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able names of benefactors and of their cities, so, upon this column, thus divinely appointed, shall be inscribed the sacred names of God, and of his only begotten Son, and of the New Jerusalem, the holy city, which St. Paul contrasts with the Jerusalem then existing in bondage, by the name of the “ Jerusalem which is above, which is free, which is the mother of us all,” (Gal. iv. 24---27.) It is the Christian Church, or “ general assembly of the first-born,” in its future heavenly glory; the city which “ Abraham looked to," "a building not made with hands, eternal, in the heavens, whose builder and maker is God,” (Heb. xi. 10---16; xii. 22---24.) This is the Jerusalem, whose splendour is prophetically displayed in the concluding chapters of the Apocalypse.



Address to the Church in Laodicea.

Ceap. iii. ver. 14, to the end. 14 And unto the angel of the church of the Laodiceans, write; These things saith the Amen, the faithful and true witness, the beginnning of the creation of God;

15 I know thy works, that thou art neither cold nor hot : I would thou wert cold or hot.

16 So then because thou art lukewarm, and neither cold nor hot, I will spue thee out of my mouth.

17 Because thou sayest, I am rich, and increased with goods, and have need of nothing; and knowest not that thou art wretched, and miserable, and poor, and blind, and naked :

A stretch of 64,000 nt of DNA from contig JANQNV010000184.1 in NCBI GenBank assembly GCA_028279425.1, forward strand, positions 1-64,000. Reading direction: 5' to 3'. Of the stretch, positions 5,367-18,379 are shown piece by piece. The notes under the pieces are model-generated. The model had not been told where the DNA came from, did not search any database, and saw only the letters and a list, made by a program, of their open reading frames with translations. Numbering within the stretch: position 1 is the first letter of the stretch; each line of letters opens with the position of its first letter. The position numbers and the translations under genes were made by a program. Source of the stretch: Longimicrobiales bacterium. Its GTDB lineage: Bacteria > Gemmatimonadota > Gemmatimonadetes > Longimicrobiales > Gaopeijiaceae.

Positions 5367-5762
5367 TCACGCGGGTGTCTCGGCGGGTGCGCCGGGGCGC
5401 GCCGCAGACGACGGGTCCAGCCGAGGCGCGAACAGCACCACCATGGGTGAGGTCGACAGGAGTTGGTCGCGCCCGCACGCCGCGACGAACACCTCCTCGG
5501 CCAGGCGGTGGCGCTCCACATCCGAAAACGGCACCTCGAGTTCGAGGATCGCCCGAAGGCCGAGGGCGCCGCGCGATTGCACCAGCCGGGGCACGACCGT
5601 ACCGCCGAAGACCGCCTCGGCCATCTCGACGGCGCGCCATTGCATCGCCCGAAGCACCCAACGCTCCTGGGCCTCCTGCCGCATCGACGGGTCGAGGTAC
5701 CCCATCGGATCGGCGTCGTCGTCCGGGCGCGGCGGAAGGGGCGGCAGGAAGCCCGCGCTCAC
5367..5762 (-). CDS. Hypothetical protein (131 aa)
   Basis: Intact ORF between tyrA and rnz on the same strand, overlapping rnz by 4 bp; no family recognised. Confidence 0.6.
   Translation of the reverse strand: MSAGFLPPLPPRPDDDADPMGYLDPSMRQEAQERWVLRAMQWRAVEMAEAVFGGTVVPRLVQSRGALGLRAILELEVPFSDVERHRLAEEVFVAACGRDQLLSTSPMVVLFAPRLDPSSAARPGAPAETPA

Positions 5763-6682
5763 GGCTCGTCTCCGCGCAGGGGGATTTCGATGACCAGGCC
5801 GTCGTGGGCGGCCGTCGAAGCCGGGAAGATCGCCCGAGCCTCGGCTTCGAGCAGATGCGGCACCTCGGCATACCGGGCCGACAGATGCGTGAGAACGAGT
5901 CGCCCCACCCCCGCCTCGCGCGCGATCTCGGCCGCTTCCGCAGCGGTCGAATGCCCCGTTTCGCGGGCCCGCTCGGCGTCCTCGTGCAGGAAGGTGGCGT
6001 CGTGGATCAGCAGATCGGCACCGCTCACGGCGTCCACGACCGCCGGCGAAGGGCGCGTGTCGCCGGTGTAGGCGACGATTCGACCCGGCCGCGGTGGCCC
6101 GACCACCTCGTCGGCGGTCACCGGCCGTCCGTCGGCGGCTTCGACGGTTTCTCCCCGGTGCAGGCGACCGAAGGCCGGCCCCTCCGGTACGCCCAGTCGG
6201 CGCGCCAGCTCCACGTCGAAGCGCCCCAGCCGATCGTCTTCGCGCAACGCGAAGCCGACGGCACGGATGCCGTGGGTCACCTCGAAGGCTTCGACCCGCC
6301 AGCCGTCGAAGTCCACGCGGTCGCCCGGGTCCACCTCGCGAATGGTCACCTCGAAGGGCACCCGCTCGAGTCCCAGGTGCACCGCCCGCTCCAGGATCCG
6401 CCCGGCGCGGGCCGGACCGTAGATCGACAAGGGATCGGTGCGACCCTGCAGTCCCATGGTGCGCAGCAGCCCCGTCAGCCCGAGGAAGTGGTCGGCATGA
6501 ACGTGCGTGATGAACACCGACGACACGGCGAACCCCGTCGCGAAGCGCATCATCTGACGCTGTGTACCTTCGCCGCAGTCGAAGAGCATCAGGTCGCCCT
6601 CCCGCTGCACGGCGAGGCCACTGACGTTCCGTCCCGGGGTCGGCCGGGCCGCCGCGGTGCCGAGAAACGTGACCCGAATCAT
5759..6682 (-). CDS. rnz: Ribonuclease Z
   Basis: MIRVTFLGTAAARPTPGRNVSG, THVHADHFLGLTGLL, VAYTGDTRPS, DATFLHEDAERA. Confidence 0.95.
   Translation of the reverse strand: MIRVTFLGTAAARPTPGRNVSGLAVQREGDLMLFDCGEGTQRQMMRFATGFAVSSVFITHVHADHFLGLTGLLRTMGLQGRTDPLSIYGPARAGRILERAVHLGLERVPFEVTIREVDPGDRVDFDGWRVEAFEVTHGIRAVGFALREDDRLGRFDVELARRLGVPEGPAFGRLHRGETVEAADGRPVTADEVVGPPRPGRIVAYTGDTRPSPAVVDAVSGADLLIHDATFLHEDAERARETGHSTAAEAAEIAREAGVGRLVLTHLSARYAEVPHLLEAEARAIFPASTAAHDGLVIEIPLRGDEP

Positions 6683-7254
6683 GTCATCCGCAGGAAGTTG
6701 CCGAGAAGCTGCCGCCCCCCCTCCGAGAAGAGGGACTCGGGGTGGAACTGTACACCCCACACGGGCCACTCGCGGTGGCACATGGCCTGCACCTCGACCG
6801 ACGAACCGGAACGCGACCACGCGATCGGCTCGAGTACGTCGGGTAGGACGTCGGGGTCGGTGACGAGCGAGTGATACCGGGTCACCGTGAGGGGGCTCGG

18 I counsel thee to buy of me gold tried in the fire, that thou mayest be rich; and white raiment, that thou mayest be clothed, and that the shame of thy nakedness do not appear; and anoint thine

eyes with eye-salve, that thou mayest see. 19 As many as I love, I rebuke and chasten : be zealous therefore, and repent.

20 Behold, I stand at the door, and knock: if any man hear my voice, and open the door, I will come in to him, and will sup with him, and he with me.

21 To him that overcometh will I grant to sit with me in my throne, even as I also overcame, and am set down with my Father in his throne.

22 He that hath an ear, let him hear what the Spirit saith unto the churches.

Ver. 14. Laodicea.] There were other cities of this name. That, which contained the Church here addressed, stood upon the river Lycus, flourishing in wealth, says Pliny; who wrote at no great distance of time from the date of this vision, (Hist. Nat. V. c. xix.) The ruin and desolation of this city are described by modern travellers as more complete and lamentable than those of the other six.